Felix presented our work about incentive-based resource assignment in cloud infrastructures built in community networks at IEEE AINA 2014 (May 13-16, 2014 in Victoria, Canada). This involved my work with Umit Buyuksahin and Felix Freitag on Clommunity project. Here is the abstract of the paper:
Wireless community networks are a successful example of a collective where communities operate ICT infrastructure and provide IP connectivity based on the principle of reciprocal resource sharing of network bandwidth. This sharing, however, has not extended to computing and storage resources, resulting in very few applications and services which are currently deployed within community networks. Cloud computing, as in today’s Internet, has made it common to consume resources provided by public clouds providers, but such cloud infrastructures have not materialized within community networks. We analyse in this paper socio-technical characteristics of community networks in order to derive scenarios for community clouds. Based on an architecture for such a community cloud, we implement a prototype for the incentive-driven resource assignment component, deploy it in a testbed of community network nodes, and evaluate its behaviour experimentally. Our evaluation gives insight into how the deployed prototype components regulate the consumption of cloud resources taking into account the users’ contributions, and how this regulation affects the system usage. Our results suggest a further integration of this regulation component into current cloud management platforms in order to open them up for the operation of an ecosystem of community cloud.
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Best Paper Award IEEE AINA 2014
I presented our work about simulating cloud infrastructures built in community networks at CNBuB 2013 (October 7, 2013 in Lyon, France). This involved my work with Leila Sharifi, Luís Veiga and Leandro Navarro, related to Clommunity project. Here is the abstract of the paper:
Community networks offer a shared communication infrastructure where communities of citizens build and own open networks. While the IP connectivity of the networking devices is successfully achieved, the number of services and applications available from within the community network is typically small and the usage of the community network is often limited to providing Internet access to remote areas through wireless links. In this paper we propose to apply the principle of resource sharing of community networks, currently limited to the network bandwidth, to other computing resources, which leads to cloud computing in community networks. Towards this vision, we review some characteristics of community networks and identify potential scenarios for community clouds. We simulate a cloud computing infrastructure service and discuss different aspects of its performance in comparison to a commercial centralized cloud system. We note that in community clouds the computing resources are heterogeneous and less powerful, which affects the time needed to assign resources. Response time of the infrastructure service is high in community clouds even for a small number of resources since resources are distributed, but tends to get closer to that of a centralized cloud when the number of resources requested increases. Our initial results suggest that the performance of the community clouds highly depends on the community network conditions, but has some potential for improvement with network-aware cloud services. The main strength compared to commercial cloud services, however, is that community cloud services hosted on community-owned resources will follow the principles of community network and will be neutral and open.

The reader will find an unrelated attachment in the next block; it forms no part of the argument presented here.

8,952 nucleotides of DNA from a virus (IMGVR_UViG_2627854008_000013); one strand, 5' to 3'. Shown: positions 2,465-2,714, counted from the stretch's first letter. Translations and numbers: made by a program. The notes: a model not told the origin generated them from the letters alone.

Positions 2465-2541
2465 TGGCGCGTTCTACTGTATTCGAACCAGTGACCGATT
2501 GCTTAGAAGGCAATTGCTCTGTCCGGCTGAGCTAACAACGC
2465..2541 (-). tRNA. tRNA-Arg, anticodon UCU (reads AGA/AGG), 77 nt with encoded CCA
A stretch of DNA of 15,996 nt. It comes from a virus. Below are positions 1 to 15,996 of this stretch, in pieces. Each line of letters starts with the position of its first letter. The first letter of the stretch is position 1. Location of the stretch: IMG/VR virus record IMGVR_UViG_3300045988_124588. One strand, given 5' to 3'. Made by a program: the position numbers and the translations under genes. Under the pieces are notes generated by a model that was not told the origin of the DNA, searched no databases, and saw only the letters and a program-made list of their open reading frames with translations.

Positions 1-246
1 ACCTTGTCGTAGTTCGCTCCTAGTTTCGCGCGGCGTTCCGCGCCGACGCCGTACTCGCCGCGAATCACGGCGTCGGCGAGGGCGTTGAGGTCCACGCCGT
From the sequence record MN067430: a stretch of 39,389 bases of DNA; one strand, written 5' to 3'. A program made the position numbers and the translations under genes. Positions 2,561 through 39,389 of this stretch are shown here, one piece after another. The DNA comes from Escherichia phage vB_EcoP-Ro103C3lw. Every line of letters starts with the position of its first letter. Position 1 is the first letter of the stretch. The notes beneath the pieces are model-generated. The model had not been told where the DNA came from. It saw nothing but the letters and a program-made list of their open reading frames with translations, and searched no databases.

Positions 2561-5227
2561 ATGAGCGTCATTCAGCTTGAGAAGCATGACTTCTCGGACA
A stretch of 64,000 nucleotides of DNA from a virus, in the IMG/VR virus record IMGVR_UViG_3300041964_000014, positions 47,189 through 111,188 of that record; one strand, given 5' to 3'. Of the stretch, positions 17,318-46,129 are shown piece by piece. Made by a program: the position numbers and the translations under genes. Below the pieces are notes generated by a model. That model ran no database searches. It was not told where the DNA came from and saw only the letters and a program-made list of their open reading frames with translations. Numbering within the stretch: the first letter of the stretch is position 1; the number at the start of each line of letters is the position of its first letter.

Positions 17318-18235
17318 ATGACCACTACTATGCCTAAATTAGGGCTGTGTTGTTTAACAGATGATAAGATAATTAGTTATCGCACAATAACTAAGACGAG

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I presented our work about resource regulation in cloud infrastructures built in community networks at GECON 2013 (September 18-20, 2013 in Zaragoza, Spain). This involved my work with Umit Buyuksahin and Felix Freitag on Clommunity project. We got good feedback from the audience, in particular that social nature of the community networks provides a lot of potential for exploring this problem further. Here is the abstract of the paper:
Community networks are built with off-the-shelf communication equipment aiming to satisfy a community’s demand for Internet access and services. These networks are a real world example of a collective that shares ICT resources. But while these community networks successfully achieve the IP connectivity over the shared network infrastructure, the deployment of applications inside of community networks is surprisingly low. Given that community networks are driven by volunteers, we believe that bringing in incentive-based mechanisms for service and application deployments in community networks will help in unlocking its true potential. We investigate in this paper such mechanisms to steer user contributions, in order to provide cloud services from within community networks. From the analysis of the community network’s topology, we derive two scenarios of community clouds, the local cloud and the federated cloud. We develop an architecture tailored to community networks which integrates the incentive mechanism we propose. In simulations of large scale community cloud scenarios we study the behaviour of the incentive mechanism in different configurations, where slices of homogeneous virtual machine instances are shared. Our simulation results allow us to understand better how to configure such an incentive mechanism in a future prototype of a real community cloud system, which ultimately should lead to realisation of clouds in community networks.
Slides | Full-Text | DOI Link